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Pharma companies face a number of challenges when it comes to digital marketing.
We recently reported on the spectre of a consumer marketing clampdown, and how pharma brands aren't making the most of mobile and social opportunities.
But according to Ogilvy CommonHealth Worldwide, pharma companies might be overlooking a potentially powerful tool for reaching physicians: electronic health records (EHRs).
As detailed by FiercePharma's Beth Snyder Bulik, a leading pharmaceutical company used an EHR-focused campaign in an effort to make one of its antibiotics top of mind for physicians at the point of care:
Beginning with 320 hospital targets, the company and its distribution partners found 192 active EHR systems users and targeted messages to them. The results were more than encouraging.
The EHR program achieved a 28% engagement rate with physicians in the first month, followed by 36% and 26% in the following two - the first three of an ongoing six-month campaign.
Ritesh Patel, Ogilvy CommonHealth's chief digital officer, notes that EHR campaigns aren't about advertising.
"It's not just about product messages, but also messages about education or pipeline drugs or presenting data to physicians, which now goes to strategy," he explained.
Opportunities and challenges
EHR adoption has grown significantly in recent years. According to SK&A, by January of this year, more than half (59%) of providers reported using an EHR, and in some specialties, the adoption rates are much higher.
For example, SK&A says that EHR adoption is 75% in internal medicine and pediatrics. What's more, large numbers of physicians are using EHRs in meaningful ways.
Case in point: when Practice Fusion, a cloud-based EHR provider, released a clinical decision support program, it "reached more than 50,000 physicians and 3.7m patients resulting in 25,000+ more patient plans, which was a five-fold increase."
Statistics like this suggest that EHRs now represent a big enough channel for savvy pharma marketers to put to good use. But doing so won't necessarily be easy.
For one, as FiercePharma's Bulik notes, there are hundreds of EHR providers.
Different EHR platforms have different capabilities, and while the industry does have standards, integration isn't always easy.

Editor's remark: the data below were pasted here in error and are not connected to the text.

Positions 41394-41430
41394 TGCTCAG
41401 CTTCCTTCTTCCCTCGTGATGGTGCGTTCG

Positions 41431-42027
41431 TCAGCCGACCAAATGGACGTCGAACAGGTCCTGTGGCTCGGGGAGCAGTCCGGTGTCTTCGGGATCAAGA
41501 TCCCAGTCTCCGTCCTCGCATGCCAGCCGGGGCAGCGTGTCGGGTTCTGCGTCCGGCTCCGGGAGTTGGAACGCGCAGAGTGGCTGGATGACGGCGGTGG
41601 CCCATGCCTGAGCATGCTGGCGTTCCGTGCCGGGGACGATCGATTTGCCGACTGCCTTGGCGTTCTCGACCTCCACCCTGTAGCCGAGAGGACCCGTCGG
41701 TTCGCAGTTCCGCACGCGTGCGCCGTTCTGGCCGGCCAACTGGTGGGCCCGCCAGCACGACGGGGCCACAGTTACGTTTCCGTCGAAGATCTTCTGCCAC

Additionally, because the content available through each EHR is generally customized for and controlled by providers, getting distribution means that marketers will sometimes have to work on a provider-by-provider basis.
More worryingly, despite growing adoption of EHRs, there are still growing pains. Troubling surveys indicate that physicians and care providers aren't satisfied with EHR technology.
In one study, more than one half of respondents indicated that their EHRs were making it difficult for them to improve efficiency.
The authors of the same study did find that satisfaction with EHRs increases the longer they're used, so some of these growing pains could be short-lived.
Pharma companies themselves could help the situation by targeting EHR users with proprietary data and content.
As Deloitte Consulting and the Gerson Lehrman Group discovered, a large majority (84%) of physicians Deloitte and GLG surveyed indicated that efficacy and outcome data, as well as clinical guidelines, influence their drug utilization decisions.
Furthermore, well over half (65%) stated they'd be interested in interacting with pharma over social channels around this type of content.
With the right content and integrations, EHRs could be an even more effective channel than social for pharma marketers and the good news is that the window of opportunity is still open, at least for a short while.
"You're not too late today, but you will be by this time next year," Will Febbo, CEO of EHR provider OptimizeRx, told Bulik.